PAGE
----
The phrase “executive presence” is not new, but it’s gaining traction. I heard it referenced in seven meetings with executives from seven different companies last week, alone.
What does it mean? It’s a way to describe confidence. Not to be confused with arrogance, demonstrating executive presence means showing that we are comfortable in our own skin, that we can go anywhere, that we can handle anything we’re given, that we can ‘own it,’ and that we can be trusted.
From your posture to the words you use, the way you convey ideas and the way you incite action, there are so many nuances to executive presence. On a high level, we can think about The Four Ps. On a tactical level, we must begin by focusing on one area: Our Eyes.
Recently, someone came into my office with eyes darting all around – left, right, up and down. This person displayed a lack of confidence. And what’s worse, it looked shifty, unsure, and a bit jittery. When I saw this, I translated it into a lack of trust for this individual. I couldn’t help it – nor can you… it’s an instinct, a feeling.
Rather than coming off as capable, this person appeared hesitant, anxious, and apprehensive. This is not someone I wanted to hire. This is not someone with whom I wanted to do business, and it’s certainly not someone I wanted to promote.
Even if this isn’t your downfall, improving your eye communication will increase your executive presence. What does that mean?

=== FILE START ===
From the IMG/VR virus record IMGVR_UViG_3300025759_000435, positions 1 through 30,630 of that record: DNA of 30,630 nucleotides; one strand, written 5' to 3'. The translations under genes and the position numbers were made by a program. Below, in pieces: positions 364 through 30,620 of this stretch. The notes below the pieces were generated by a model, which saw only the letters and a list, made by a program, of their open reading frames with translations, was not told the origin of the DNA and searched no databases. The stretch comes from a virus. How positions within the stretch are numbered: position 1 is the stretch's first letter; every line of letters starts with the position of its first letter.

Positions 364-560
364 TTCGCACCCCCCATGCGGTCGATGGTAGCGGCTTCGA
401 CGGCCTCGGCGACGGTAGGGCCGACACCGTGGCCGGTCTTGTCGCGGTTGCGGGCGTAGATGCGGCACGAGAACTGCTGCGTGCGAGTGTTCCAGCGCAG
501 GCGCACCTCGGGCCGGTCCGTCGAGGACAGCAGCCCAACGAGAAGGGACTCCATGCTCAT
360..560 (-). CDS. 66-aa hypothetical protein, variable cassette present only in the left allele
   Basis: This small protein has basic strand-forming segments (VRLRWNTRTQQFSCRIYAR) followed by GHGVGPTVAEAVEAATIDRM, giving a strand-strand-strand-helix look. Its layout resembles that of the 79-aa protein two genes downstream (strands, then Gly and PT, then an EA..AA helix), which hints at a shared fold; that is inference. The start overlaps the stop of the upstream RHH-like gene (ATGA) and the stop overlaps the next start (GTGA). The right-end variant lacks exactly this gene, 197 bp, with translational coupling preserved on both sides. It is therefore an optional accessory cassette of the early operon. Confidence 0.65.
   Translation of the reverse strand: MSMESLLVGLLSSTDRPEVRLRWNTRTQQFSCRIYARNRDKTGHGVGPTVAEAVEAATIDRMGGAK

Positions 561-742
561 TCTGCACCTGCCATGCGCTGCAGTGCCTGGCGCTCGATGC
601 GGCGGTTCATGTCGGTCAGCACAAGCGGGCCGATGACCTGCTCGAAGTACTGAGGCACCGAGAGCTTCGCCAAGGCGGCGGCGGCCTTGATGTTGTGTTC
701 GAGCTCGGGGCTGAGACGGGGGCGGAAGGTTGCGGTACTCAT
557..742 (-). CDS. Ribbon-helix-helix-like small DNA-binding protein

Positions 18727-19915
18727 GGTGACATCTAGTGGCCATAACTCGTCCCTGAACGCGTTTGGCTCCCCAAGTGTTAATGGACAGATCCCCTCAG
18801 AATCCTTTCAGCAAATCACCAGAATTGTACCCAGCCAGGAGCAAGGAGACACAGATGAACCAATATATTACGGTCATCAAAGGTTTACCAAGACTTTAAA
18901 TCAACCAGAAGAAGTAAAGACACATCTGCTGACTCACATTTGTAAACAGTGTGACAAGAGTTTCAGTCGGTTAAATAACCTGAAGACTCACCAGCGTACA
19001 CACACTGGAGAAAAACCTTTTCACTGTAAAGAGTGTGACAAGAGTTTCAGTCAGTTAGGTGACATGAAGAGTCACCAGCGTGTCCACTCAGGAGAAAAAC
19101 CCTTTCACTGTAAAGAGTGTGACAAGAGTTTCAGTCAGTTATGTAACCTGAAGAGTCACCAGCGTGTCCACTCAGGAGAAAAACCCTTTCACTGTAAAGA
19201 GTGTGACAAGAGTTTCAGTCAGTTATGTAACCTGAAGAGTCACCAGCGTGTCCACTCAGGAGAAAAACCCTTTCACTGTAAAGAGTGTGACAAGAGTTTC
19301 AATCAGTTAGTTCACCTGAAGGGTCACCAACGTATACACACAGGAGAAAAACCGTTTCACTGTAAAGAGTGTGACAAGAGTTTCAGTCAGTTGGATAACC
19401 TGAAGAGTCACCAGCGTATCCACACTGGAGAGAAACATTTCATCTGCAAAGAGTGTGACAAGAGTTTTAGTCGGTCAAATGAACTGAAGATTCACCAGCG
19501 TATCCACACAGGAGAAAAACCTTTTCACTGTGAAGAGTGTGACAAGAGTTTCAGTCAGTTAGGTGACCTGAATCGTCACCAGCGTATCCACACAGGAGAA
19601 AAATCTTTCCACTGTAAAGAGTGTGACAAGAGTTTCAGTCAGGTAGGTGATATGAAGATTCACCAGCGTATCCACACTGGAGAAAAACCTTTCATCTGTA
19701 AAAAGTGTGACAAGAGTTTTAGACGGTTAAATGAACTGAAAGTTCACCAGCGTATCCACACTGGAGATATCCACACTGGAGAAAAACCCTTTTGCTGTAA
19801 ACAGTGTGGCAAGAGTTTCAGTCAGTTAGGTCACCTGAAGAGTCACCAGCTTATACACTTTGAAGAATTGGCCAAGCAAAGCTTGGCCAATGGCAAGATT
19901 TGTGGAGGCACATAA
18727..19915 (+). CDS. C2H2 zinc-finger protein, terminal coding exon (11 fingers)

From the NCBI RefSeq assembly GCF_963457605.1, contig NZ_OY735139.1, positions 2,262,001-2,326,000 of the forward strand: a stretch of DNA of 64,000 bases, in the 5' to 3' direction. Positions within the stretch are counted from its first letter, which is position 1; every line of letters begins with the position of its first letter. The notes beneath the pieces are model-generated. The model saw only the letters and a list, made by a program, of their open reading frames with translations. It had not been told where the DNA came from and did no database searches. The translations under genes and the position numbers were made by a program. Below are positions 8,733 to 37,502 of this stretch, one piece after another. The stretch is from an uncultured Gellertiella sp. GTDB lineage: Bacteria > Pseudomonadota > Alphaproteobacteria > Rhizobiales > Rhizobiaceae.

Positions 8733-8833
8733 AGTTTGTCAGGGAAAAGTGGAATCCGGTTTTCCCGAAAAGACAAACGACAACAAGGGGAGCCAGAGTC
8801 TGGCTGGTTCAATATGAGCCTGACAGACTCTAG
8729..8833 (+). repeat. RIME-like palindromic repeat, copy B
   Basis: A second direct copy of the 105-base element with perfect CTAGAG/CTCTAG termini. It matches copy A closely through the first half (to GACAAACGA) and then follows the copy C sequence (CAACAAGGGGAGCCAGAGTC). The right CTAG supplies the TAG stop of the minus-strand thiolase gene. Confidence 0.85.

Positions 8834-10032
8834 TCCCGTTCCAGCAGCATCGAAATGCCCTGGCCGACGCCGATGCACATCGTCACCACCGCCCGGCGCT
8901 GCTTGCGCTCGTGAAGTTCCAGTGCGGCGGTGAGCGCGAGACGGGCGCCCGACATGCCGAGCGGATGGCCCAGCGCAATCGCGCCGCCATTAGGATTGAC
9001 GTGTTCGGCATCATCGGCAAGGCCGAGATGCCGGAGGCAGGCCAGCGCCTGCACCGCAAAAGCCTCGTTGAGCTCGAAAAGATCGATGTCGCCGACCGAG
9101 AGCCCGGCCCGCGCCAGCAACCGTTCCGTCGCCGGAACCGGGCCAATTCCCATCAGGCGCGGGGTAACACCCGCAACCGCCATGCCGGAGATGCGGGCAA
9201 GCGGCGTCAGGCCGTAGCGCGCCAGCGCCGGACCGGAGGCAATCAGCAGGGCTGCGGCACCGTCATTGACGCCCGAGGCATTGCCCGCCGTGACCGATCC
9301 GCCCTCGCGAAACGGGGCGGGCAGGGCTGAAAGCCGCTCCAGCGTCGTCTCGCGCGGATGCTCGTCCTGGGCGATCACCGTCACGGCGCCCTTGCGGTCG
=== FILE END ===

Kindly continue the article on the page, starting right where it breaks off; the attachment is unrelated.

Hold your gaze.
When you are looking at someone – around the boardroom table, in a small group, in a large audience – hold your eye contact. The ideal time is 5-7 seconds (more on that, here).
Try This: Practice holding your gaze in a restaurant, at a sporting event, or on the subway. Instead of scanning the room or the crowd, hold your eyes in one spot. Be intentional. Count to six. (Try not to be creepy or glare – remember, the goal is to be more confident and approachable.)
Nobody wants to appear shifty. Whether you use the phrase ‘executive presence’ or confidence, you can elevate your role as a parent, spouse, volunteer, non-profit leader or executive.
Start with your eyes.
The post Establishing Executive Presence appeared first on Decker Communications.
If there were Survivor for words, I’d vote off “literally.”
It’s inserted into sentences for no real reason.
I am literally the hungriest person in the world right now.
I am literally going to break this printer in a minute.
The coffee machine is literally the slowest thing on the planet.
Sound familiar? Maybe you even use it that way? You are not alone. Similar to “um” and “uh”, “literally” has become a common filler word – tossed into sentences unnecessarily.
Honestly… (as if you’ve been lying up until now)
You probably have a distracting filler word, and you just don’t know it. The word “truly” got me a couple years ago, and once focused on it, I was able to get rid of it in about a day.
Here are three tips for cutting out the ums, uhs and literallys: